RIO DE JANEIRO, BRAZIL – Presidential candidate Keiko Fujimori denounced on Monday an alleged “systematic fraud” in the Peruvian presidential elections, pointing out a series of alleged irregularities that she attributes to the Peru Libre party of her rival Pedro Castillo.
In a press conference, Fujimori affirmed that they had detected a series of irregularities in the electoral process carried out on Sunday that “worries us,” and it is “important to make it evident”, besides asking citizens to denounce the cases they know about.
The far-right candidate has 49.7% in the vote, against 50.2% in favor of Castillo, when the National Office of Electoral Processes (ONPE) has counted almost 97% of the votes. The votes cast abroad have not yet been counted.
Among the irregularities pointed out by the Fuerza Popular candidate are: the contestation of the protocol in which she has a greater number of votes than her opponent; Peru Libre training calls asking staff to come earlier to ensure the votes; or the complaint against an employee of this party who fraudulently marked 87 ballots.
“There is a clear intention to boycott the popular will,” said Fujimori and asked that denunciations of other similar cases be shared on the networks under the slogan #FraudeEnMesa.
“It is not that we are worried about our candidacy, it is about defending the future of our country,” she affirmed.
The candidate for the first vice presidency on Fujimori’s ticket, Luis Galarreta, mentioned in the press conference more than 1,200 contested ballots on which Fujimori allegedly received the vote.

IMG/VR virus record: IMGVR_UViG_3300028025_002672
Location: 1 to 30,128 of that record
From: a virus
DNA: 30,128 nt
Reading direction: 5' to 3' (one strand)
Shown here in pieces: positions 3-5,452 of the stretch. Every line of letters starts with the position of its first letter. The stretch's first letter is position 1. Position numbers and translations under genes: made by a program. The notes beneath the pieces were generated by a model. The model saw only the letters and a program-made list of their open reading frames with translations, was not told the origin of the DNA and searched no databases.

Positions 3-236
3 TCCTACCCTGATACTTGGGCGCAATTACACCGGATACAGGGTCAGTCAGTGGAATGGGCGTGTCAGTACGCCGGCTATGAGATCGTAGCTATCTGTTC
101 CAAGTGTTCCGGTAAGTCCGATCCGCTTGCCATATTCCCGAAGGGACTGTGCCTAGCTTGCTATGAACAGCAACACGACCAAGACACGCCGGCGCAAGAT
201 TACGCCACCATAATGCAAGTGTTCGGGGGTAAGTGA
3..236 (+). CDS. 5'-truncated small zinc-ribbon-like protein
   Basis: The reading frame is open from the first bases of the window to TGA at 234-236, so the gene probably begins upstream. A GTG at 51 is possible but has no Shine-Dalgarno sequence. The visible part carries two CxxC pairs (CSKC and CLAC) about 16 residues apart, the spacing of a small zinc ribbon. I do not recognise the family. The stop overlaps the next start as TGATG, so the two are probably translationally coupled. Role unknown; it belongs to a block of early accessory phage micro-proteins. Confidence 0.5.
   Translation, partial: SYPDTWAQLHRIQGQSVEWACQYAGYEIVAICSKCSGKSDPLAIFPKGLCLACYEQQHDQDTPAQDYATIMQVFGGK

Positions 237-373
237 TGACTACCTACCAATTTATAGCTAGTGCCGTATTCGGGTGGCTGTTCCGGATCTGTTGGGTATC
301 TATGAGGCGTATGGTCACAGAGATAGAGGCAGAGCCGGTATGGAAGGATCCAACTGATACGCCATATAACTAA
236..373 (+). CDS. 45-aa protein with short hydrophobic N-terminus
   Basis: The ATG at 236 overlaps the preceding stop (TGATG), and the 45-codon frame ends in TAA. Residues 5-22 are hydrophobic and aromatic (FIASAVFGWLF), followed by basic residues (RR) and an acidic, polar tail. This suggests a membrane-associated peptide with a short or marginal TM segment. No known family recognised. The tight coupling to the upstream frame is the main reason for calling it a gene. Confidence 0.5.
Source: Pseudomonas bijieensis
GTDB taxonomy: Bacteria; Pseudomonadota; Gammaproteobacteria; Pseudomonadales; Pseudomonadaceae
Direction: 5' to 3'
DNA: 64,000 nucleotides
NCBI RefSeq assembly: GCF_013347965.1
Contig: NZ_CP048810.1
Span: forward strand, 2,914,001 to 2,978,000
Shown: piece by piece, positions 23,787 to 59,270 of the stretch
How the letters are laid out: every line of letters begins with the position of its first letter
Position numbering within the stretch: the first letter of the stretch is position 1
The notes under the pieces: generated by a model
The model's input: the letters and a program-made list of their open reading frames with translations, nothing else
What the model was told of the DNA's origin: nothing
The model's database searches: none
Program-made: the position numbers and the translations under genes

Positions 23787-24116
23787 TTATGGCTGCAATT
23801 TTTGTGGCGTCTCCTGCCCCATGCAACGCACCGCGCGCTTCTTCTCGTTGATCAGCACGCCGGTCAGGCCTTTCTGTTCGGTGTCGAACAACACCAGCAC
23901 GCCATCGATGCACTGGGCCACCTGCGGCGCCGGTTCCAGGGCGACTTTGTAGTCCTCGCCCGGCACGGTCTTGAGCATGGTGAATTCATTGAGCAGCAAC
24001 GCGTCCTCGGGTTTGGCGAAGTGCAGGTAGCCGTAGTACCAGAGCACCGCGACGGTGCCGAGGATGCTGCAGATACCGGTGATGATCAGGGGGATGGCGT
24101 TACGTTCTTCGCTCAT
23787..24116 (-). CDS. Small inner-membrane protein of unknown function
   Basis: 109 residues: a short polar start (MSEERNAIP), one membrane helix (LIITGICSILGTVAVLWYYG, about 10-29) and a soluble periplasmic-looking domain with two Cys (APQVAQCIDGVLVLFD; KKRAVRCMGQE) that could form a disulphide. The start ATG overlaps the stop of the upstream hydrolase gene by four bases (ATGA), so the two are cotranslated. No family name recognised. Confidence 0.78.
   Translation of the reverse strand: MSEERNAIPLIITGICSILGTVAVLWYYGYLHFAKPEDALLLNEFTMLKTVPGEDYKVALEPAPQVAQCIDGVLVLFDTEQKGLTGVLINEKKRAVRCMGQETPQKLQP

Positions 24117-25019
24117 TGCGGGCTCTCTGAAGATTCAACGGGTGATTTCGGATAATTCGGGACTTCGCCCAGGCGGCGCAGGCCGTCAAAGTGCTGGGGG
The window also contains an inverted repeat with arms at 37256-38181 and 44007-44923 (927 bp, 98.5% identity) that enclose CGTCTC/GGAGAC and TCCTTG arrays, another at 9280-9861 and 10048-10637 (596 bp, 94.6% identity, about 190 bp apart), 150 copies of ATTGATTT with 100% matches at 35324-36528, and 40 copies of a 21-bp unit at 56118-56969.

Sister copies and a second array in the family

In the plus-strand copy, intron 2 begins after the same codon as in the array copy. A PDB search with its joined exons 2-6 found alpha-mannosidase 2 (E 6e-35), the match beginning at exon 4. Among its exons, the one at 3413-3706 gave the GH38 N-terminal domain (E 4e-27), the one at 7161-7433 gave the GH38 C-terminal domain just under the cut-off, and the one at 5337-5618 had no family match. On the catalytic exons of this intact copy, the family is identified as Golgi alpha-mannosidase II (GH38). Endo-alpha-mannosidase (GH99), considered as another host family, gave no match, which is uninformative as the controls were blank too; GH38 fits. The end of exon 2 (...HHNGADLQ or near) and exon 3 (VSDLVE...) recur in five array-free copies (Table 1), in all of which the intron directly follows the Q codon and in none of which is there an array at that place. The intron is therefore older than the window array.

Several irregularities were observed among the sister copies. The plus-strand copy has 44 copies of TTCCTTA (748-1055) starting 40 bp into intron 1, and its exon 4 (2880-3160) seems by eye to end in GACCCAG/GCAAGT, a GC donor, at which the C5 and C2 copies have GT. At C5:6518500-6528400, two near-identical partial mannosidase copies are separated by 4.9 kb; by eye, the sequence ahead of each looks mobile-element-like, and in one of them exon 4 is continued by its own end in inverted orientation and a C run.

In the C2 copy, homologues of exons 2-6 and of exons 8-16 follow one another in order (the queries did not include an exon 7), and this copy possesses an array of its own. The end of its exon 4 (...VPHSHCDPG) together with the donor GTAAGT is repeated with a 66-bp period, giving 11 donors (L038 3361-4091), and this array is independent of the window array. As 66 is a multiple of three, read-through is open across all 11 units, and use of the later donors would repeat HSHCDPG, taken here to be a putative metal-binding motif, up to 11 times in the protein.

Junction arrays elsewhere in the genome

Fujimori affirmed that, according to the vote count, currently, the 0.5% difference with respect to Castillo “keeps us optimistic”. “We know that we still have to count the tally sheets that come from the compatriots abroad, and we are confident that the vote will be evened out,” she said.
OBSERVERS SUPPORT ELECTORAL BODIES
Days before Sunday’s presidential elections, the electoral advisor of the United Nations Development Program (UNDP), Luis Martínez-Betanzos, said that “there is nothing and nobody that has damaged the credibility” of the National Office of Electoral Processes (ONPE) nor of the National Jury of Elections (JNE), the highest electoral bodies in the country.
“I see attacks from one side and the other, but there is no fraud. Electoral fraud in any country can only be organized and instructed by the Executive, and here the Government is managing it impeccably and loyally with democracy”, the advisor specified.
Instead, Martinez Betanzos pointed out some information published “irresponsibly” by media or spread by social networks with attacks to both the JNE and the ONPE with the alleged intention of undermining their credibility.
The JNE shared this Monday on Twitter a document from the Mission of Observers of the Inter-American Union of Electoral Organizations (UNIORE) where it “recognizes that the electoral process carried out on June 6 was correctly and successfully organized following national and international standards.”